Dave Agema, the Republican National Committeeman of Michigan, has come under fire for comments that some see as offensive to gay and Muslim people. / Robert Killips/Lansing State Journal
WASHINGTON (DETROIT FREE PRESS) - Republican National Committee Chairman Reince Priebus and state party Chairman Bobby Schostak today added their voices to the chorus of those calling on national committeeman Dave Agema to resign over remarks seen as insensitve to gays and Muslims.
In recent weeks, a score of officials and party activists -- including six Republican members of the state's congressional delegation and former state party chairwoman Betsy DeVos -- have urged Agema to resign in the wake of the remarks, but until today, Priebus and Schostak had avoided doing so while still denouncing his comments and Facebook postings generally.
That changed, however, as Agema -- a former state representative from Grandville -- missed the RNC's 3-day winter meetings in Washington, sending his proxy vote along with former national committeeman Chuck Yob. On Wednesday, Agema sent the Free Press an e-mail explaining his absence, saying his critics were trying to use his comments and postings to start a "drawn out fight betwee liberals and conservatives within the party."
"For the good of the party, we believe Dave Agema should resign," Priebus and Schostak said in a joint statement to the Free Press.
The Free Press learned that Priebus and Schostak were calling for Agema to step down shortly after Priebus spoke to the RNC in Washington about the need to expand the party's base of voters, using his recent visit to Detroit to annnounce the creation of a black advisory council for the party and the opening there of an African-American outreach center as examples.
"We all know the GOP has to get out of our comfort zones and go to places we haven't been for a while and engage and welcome new voters," Priebus siad.
"I was amazed at how many people came to take part. We had business leaders and community leaders who were ready to stand up and help and make a difference," he added. "We did a pretty simple thing by showing up-but it's having a big impact and in a place that desperately needs a new direction, fresh ideas, and more opportunity."
He did not mention Agema in the speech.
Agema -- one of two national committee members from Michigan -- came under fire after making comments in December that suggested gays manipulate the system to get health care because of a risk of contracting AIDS. This month, he posted on his Facebook page a defense of a Russian law widely seen as antigay, commenting that it appeared to be "common sense" to him. He also reposted a tract that questioned if Muslims had made any positive contribution to American culture.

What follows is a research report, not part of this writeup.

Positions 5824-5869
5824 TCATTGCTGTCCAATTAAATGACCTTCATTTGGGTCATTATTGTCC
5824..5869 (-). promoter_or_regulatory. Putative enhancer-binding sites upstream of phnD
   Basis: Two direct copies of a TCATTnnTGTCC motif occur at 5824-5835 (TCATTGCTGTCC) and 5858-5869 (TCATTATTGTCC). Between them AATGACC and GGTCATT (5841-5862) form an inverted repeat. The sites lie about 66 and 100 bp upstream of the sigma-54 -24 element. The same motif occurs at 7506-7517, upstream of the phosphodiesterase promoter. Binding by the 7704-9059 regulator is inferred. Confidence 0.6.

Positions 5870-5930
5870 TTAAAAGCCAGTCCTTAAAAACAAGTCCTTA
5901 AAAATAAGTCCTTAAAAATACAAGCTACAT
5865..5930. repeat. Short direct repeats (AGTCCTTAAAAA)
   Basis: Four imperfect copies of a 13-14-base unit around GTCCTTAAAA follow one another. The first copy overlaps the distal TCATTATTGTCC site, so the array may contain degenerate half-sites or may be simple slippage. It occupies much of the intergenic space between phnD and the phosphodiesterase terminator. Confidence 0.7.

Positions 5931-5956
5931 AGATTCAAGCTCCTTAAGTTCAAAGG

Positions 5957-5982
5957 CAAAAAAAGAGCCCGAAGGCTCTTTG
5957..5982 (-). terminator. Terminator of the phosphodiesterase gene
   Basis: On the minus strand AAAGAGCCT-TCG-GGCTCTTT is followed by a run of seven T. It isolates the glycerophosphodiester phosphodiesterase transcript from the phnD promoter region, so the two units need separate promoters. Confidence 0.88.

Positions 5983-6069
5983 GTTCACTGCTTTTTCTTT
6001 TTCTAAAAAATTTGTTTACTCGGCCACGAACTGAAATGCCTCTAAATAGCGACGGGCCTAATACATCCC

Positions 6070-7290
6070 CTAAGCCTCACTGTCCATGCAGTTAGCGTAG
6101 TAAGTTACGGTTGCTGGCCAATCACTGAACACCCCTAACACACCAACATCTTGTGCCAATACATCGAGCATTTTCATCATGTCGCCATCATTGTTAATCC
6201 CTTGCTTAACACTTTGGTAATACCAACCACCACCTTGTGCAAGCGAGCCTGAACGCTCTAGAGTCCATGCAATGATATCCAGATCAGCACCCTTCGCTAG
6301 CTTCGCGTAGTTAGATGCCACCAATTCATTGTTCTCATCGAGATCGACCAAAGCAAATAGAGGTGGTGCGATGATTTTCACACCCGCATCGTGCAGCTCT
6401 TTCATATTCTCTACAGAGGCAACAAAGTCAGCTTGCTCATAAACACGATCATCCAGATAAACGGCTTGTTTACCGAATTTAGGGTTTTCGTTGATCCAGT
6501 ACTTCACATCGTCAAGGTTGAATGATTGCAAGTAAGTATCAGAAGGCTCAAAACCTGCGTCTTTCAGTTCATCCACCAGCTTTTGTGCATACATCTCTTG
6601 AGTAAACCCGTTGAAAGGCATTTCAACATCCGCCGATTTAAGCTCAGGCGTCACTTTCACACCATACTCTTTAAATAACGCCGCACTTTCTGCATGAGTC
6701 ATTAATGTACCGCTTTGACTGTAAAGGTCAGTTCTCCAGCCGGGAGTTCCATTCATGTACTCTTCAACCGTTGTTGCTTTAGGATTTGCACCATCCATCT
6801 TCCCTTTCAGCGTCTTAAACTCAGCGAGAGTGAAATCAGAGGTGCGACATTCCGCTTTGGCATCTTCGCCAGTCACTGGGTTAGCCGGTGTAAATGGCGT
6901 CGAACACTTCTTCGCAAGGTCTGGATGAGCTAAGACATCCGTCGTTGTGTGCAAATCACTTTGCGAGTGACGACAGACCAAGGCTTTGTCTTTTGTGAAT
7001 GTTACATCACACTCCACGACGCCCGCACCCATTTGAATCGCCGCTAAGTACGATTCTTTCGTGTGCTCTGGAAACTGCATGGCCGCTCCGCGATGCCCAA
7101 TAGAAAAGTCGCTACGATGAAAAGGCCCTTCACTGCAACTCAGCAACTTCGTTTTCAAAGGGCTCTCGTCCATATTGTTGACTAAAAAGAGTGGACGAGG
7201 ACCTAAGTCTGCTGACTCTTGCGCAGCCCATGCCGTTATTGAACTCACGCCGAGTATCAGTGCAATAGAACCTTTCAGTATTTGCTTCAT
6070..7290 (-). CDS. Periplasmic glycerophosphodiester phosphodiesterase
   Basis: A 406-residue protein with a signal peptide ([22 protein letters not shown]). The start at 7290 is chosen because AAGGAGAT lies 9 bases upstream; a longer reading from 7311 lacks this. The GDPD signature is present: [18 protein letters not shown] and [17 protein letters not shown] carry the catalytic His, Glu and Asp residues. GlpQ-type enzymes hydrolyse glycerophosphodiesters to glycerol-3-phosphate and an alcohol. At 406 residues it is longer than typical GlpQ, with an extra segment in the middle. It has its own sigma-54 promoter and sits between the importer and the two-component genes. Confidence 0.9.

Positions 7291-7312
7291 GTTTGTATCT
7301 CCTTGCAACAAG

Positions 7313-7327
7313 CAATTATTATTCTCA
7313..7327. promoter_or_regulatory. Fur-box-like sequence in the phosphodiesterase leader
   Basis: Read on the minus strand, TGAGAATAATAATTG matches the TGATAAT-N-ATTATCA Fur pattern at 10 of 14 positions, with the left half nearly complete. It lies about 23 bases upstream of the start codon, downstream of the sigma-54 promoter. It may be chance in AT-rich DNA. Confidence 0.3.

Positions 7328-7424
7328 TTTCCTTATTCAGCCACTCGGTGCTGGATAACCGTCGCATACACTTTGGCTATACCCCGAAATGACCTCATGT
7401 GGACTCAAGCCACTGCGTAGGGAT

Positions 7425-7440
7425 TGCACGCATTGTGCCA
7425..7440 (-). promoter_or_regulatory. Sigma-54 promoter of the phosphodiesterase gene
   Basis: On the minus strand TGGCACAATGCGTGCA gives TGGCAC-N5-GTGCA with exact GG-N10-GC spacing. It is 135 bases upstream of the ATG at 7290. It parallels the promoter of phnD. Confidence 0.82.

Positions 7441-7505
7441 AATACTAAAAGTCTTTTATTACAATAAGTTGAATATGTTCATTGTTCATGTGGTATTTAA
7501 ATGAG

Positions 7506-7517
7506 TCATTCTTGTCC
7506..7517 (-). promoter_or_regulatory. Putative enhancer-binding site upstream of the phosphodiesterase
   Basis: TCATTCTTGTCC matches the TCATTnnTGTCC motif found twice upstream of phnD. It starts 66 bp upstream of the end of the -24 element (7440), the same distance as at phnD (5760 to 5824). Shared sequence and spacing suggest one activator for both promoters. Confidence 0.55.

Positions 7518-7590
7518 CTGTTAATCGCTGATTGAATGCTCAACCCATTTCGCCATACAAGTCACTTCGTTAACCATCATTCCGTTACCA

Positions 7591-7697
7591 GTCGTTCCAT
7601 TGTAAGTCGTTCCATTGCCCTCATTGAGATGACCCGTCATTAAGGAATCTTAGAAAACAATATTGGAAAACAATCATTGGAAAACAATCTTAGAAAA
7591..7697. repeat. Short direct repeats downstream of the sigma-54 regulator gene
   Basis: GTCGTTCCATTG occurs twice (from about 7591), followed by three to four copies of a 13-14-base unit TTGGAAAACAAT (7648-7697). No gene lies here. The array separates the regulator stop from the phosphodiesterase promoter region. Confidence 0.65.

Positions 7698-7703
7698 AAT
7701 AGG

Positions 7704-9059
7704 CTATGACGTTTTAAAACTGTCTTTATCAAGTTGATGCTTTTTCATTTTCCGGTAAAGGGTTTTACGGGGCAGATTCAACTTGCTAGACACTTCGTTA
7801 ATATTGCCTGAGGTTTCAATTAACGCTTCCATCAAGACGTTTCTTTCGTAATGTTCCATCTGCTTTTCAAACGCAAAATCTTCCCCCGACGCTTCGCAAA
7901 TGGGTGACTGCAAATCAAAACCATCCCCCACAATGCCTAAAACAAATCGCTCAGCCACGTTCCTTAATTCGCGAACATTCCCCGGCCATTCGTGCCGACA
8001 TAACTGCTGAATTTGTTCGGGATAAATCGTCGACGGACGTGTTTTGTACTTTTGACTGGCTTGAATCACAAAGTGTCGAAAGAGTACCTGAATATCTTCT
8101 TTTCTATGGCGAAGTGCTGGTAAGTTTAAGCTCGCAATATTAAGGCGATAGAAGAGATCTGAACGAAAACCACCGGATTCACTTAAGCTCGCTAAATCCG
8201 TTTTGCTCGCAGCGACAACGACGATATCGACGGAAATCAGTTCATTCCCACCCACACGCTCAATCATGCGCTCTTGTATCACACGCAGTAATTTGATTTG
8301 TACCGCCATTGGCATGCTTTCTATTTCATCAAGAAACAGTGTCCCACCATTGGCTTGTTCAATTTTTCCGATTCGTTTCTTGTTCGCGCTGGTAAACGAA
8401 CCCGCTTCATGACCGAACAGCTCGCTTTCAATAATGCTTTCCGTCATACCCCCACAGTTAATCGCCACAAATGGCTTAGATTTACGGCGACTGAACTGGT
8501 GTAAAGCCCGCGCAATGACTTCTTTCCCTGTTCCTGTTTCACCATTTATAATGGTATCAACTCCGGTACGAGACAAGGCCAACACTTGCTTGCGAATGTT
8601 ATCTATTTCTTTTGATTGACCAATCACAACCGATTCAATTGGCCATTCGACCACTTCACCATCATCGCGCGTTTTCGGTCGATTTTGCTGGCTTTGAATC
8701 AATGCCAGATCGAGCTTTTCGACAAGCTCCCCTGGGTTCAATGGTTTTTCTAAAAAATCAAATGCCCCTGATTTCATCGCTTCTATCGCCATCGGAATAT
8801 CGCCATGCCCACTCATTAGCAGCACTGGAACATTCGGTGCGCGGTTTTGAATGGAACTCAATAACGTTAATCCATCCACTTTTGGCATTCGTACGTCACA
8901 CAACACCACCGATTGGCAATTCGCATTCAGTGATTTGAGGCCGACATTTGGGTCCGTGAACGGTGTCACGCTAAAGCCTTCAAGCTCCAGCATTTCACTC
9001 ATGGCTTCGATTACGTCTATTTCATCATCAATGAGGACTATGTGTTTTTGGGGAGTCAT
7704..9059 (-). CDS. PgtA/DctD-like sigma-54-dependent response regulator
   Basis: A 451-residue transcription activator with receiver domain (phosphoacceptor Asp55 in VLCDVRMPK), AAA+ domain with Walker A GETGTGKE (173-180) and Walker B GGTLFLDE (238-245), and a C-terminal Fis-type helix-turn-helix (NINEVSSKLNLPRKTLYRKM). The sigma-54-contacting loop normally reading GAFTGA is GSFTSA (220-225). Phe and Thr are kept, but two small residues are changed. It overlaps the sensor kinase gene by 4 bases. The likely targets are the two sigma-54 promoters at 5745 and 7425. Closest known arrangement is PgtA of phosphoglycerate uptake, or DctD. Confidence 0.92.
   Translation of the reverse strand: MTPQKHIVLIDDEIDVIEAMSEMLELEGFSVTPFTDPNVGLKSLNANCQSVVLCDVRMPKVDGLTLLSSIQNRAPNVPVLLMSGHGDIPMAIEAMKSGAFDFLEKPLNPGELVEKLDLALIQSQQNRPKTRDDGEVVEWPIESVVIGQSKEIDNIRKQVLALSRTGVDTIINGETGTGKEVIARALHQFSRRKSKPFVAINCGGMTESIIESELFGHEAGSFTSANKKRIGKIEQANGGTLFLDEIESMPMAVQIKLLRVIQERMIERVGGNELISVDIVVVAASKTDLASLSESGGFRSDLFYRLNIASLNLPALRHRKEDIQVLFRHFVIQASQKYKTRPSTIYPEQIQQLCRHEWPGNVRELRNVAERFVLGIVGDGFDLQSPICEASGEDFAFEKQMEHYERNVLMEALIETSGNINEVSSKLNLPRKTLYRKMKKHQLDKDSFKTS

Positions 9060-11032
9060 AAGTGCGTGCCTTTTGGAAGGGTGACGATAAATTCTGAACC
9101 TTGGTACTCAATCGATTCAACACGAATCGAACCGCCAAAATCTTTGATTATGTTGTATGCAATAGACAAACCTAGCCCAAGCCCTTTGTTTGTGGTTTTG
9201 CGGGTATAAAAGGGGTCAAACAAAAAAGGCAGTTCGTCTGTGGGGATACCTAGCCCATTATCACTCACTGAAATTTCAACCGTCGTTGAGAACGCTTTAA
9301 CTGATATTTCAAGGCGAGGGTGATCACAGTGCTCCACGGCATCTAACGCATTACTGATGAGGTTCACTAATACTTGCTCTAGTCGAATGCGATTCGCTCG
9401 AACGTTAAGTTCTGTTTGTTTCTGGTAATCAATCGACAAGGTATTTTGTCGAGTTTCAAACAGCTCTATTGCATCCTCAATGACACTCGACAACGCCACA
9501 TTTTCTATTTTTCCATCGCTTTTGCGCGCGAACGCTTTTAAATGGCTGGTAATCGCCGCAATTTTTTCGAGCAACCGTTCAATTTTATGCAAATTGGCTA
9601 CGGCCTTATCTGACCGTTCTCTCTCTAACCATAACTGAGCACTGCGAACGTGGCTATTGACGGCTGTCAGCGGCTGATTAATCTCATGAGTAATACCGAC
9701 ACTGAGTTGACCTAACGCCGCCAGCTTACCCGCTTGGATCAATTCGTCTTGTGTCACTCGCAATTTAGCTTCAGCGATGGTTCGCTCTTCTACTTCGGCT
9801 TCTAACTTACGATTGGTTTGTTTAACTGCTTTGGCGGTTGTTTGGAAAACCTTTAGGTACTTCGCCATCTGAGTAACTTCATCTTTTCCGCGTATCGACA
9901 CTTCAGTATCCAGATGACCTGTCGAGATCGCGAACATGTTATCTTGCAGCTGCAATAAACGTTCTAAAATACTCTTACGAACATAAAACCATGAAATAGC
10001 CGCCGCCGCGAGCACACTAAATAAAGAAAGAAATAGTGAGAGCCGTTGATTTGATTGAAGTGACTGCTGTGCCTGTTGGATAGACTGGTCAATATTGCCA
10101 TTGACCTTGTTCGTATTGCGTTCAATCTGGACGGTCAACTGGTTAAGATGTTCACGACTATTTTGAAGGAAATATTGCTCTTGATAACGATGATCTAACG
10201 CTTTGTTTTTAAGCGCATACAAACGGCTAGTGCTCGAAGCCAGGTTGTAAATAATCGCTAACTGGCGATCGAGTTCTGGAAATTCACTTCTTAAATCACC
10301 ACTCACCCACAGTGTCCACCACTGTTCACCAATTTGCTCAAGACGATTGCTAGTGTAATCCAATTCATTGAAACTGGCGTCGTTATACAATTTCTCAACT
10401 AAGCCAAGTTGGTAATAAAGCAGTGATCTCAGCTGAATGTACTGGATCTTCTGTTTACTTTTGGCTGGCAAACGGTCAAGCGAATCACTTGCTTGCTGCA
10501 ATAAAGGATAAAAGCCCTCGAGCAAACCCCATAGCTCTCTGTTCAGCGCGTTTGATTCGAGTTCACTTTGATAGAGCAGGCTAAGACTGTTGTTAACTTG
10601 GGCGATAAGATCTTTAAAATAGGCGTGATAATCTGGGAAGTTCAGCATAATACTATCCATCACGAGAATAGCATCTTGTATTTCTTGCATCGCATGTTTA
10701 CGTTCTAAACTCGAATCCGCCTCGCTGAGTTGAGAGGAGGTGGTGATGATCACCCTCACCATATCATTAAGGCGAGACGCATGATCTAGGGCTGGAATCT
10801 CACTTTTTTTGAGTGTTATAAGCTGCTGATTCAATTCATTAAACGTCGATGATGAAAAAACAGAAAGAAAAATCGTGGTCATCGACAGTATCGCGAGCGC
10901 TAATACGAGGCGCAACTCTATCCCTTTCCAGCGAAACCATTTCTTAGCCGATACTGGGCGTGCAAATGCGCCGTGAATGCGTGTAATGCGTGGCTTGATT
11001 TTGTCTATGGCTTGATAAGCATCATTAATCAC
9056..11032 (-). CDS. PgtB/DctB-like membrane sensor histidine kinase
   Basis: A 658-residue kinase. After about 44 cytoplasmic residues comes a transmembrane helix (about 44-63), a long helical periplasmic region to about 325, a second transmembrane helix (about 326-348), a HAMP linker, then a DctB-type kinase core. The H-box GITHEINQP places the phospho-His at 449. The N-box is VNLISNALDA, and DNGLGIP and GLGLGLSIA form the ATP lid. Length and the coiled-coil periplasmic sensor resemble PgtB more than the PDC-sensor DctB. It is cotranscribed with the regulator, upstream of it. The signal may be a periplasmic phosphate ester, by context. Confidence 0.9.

Throughout the ensuing controversy, those Republicans criticizing Agema or denouncing his comments and postings have said that while they still believe in marriage as being between a man and a woman, the party needs to show its willingness to interact with people who feel otherwise and show it can be tolerant. Agema's comments, they said, fail that test.
Gov. Rick Snyder and former Secretary of State Terri Lynn Land -- who is the state's other national committee member and is running for U.S. Senate -- have also denounced Agema's comments but so far have not called on him to resign.
Agema so far has avoided any suggestion that he step down from a term that doesn't end until 2016 but he has said that his postings were only meant to start discussions, not necessarily reflect his own beliefs. He has declined several requests from the Free Press to speak on the issue.
The call from Priebus and Schostak for Agema to resign could make it increasingly difficult for Agema to do his job as a national committeeman. As such, he is expected to take part in meetings that help set the stage for the 2016 presidential race, national conventions and more.
Detroit Free Press